Growing demands for food, feed, fibres and fuels together with prospects for a shift away from fossil fuels set the frame for potentially fierce competition for limited land and biomass resources.
This session provided up-to-date information about climate and sustainability effects of bioenergy systems as well as governance addressing opportunities and challenges in developing new biobased solutions that contribute to climate change mitigation and adaptation along with also other sustainable development goals.
Glaucia Mendes Souza, Full Professor at the Institute of Chemistry, President of the FAPESP Bioenergy Research Program, University of São Paulo, Brazil
Contribution of bioenergy systems to sustainable development goals
Bruno Gagnon, Senior Science and Policy Analyst in the Canadian Forest Service, Natural Resources Canada, Canada
Land use for bioenergy: synergies and trade-offs
Floor van der Hilst, Associate Professor at the Copernicus Institute of Sustainable Development, Utrecht University, The Netherlands
How sustainable forest bioenergy contributes to climate goals
Annette Cowie, Senior Principal Research Scientist Climate, NSW Department of Primary Industries | Agriculture, Australia
New Biofuture Platform workstream on sustainability governance and biomass quantification
Gerard Ostheimer, Founder & CEO, Biofuture Workshop, United States
Highlights of the session
- Bioenergy should not be considered in isolation, but as part of a broader bioeconomy. It is by definition cross-cutting and requires a holistic approach over different policy fields. The risk is that this is perceived as complex by policy makers. Sustainability governance is a key requirement – it is critical that there is a thorough and transparent monitoring of evolutions in the field of the bioeconomy and its impacts to assist policy making.
- It is important to consider bioenergy/bioeconomy in relation to the Sustainable Development Goals (SDGs). Bioenergy touches on several SDGs, not only SDG7 (energy) of SDG13 (climate). For almost all SDGs both synergies and trade-offs can occur. Depending on the contextual conditions, it can turn out to be a synergy or a trade-off.
- Good practices show multiple co-benefits, going beyond energy and climate alone, e.g., in terms of soil quality and land restoration as well as rural development, while limiting potential negative effects. Most positive impacts are reached if biomass production systems are integrated into land and resource management systems in a way that complements, not competes with existing production systems and involve close cooperation and partnerships amongst multiple stakeholders along the supply chain.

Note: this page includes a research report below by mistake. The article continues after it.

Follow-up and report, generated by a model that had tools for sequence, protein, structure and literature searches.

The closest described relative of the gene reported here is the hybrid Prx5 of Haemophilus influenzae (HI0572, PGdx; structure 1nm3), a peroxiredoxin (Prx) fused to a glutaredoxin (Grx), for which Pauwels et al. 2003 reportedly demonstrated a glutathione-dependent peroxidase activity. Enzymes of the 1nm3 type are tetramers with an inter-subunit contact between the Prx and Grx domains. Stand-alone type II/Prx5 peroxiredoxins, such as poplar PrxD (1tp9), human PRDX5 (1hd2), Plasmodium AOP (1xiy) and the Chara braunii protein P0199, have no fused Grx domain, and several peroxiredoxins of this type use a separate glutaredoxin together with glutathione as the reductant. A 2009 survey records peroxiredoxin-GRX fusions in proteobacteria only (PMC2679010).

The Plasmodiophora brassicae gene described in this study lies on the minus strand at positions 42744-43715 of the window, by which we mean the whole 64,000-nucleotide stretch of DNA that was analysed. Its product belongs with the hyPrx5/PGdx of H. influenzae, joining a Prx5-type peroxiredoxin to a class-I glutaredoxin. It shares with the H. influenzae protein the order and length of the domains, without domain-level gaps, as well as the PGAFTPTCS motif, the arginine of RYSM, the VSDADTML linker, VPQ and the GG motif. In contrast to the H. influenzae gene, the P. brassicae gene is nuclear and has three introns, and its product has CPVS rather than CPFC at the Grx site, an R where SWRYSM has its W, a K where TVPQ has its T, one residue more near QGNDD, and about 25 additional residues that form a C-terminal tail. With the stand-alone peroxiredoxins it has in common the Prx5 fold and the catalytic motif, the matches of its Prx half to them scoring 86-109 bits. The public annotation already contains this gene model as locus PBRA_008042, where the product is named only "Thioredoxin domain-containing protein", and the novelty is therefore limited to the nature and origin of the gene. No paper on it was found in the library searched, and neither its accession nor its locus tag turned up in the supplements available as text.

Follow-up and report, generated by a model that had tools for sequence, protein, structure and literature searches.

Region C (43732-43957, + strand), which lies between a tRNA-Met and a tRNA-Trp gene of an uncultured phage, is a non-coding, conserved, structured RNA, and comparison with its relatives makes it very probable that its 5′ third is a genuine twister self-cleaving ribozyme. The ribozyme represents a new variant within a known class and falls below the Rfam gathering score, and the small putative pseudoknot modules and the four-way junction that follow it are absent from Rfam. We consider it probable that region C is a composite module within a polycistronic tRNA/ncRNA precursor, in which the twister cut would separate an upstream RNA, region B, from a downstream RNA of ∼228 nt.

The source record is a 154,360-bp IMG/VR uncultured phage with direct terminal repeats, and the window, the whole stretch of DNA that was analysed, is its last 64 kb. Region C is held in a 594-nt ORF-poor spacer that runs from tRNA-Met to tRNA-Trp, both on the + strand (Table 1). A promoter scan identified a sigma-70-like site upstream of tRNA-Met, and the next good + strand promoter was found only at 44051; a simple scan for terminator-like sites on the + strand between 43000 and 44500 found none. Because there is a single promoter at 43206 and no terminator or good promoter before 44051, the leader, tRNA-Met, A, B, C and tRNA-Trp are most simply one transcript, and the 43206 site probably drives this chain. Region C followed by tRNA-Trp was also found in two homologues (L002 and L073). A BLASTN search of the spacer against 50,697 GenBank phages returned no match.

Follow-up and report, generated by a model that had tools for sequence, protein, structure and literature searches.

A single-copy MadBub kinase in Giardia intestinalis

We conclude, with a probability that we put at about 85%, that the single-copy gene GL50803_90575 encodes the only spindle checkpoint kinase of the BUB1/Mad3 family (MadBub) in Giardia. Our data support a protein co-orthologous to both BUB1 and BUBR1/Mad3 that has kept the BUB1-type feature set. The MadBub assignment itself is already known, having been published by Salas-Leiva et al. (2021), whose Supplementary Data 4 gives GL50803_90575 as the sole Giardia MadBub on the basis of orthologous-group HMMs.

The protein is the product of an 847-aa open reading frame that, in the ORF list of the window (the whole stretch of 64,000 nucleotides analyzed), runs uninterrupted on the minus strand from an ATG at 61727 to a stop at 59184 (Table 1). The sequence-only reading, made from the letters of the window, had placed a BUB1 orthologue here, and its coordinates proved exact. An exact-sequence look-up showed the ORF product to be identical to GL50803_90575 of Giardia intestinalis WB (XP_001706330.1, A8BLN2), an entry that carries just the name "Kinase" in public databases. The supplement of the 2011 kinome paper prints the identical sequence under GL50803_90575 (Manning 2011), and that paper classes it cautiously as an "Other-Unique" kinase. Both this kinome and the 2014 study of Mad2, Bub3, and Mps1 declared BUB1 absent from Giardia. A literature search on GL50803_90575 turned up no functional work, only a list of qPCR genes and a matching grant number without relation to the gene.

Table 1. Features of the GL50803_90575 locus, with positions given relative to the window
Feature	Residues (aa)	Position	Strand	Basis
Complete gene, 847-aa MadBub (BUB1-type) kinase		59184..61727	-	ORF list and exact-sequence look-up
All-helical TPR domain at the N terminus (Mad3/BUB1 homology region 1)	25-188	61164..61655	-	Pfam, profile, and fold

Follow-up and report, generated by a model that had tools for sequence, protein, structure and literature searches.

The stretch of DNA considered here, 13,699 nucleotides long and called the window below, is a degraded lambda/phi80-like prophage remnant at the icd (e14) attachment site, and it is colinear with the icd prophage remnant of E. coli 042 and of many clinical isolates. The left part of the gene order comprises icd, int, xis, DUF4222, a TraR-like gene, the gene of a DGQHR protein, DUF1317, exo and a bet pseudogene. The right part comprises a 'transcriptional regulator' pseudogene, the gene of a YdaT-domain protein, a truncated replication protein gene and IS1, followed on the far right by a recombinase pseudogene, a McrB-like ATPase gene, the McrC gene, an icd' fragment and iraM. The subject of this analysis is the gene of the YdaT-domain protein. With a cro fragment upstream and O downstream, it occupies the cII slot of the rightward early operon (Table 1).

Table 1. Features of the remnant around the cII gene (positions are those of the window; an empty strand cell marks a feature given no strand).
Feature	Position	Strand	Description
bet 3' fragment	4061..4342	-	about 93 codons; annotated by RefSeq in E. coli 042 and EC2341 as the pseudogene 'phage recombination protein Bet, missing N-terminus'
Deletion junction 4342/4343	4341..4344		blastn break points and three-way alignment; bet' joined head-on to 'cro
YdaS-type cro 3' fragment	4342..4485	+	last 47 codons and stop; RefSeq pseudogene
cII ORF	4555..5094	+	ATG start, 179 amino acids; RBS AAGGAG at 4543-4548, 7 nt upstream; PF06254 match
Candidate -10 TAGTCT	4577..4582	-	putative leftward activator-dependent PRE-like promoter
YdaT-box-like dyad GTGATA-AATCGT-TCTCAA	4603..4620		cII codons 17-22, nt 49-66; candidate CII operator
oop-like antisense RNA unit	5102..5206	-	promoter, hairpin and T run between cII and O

- Land use can be a critical issue, particularly if large blocks of land would be devoted to energy crops (as could be required if extreme amounts of carbon dioxide removal would be needed to compensate for delays in climate action). Nevertheless, there are many good examples of biomass production, e.g., on abandoned/marginal lands, through integrated production with food/feed crops (as intercrop, in riparian areas, as wind buffer, …), or through the use of agricultural residues.
- There is high debate on the climate impacts of using forest biomass for energy, with studies providing conflicting results. What is often insufficiently recognised is that (commercial) forests are primarily managed for timber, with biomass being a co-product. There can be important analytical difference in studies/reports, e.g., in terms of system boundaries (short vs medium timeframe; stand vs landscape level; bioenergy only vs different products coming from the forest) and the assumed counterfactual (in terms of land use and energy system). Only considering the smokestack or just considering the forest carbon ignores important parts of the system; we need to look at the broader picture (including the forest carbon storage and sink, the forest products, the bioenergy produced) to understand the climate impact of how the forest is managed.
- There are many uncertainties in terms of global/regional sustainable biomass availability, going from very cautious estimates to analyses taking into account extra mobilisation efforts, coming to a wide range of figures from less than 30 EJ to more than 100 EJ at the global level. This uncertainty also has a knock-on effect on the demand side. To derisk feedstock availability for investors, the CEM Biofuture Platform Initiative starts a new workstream on sustainability governance and biomass quantification for which it will engage different experts and stakeholders. IEA Bioenergy and GBEP will contribute to that.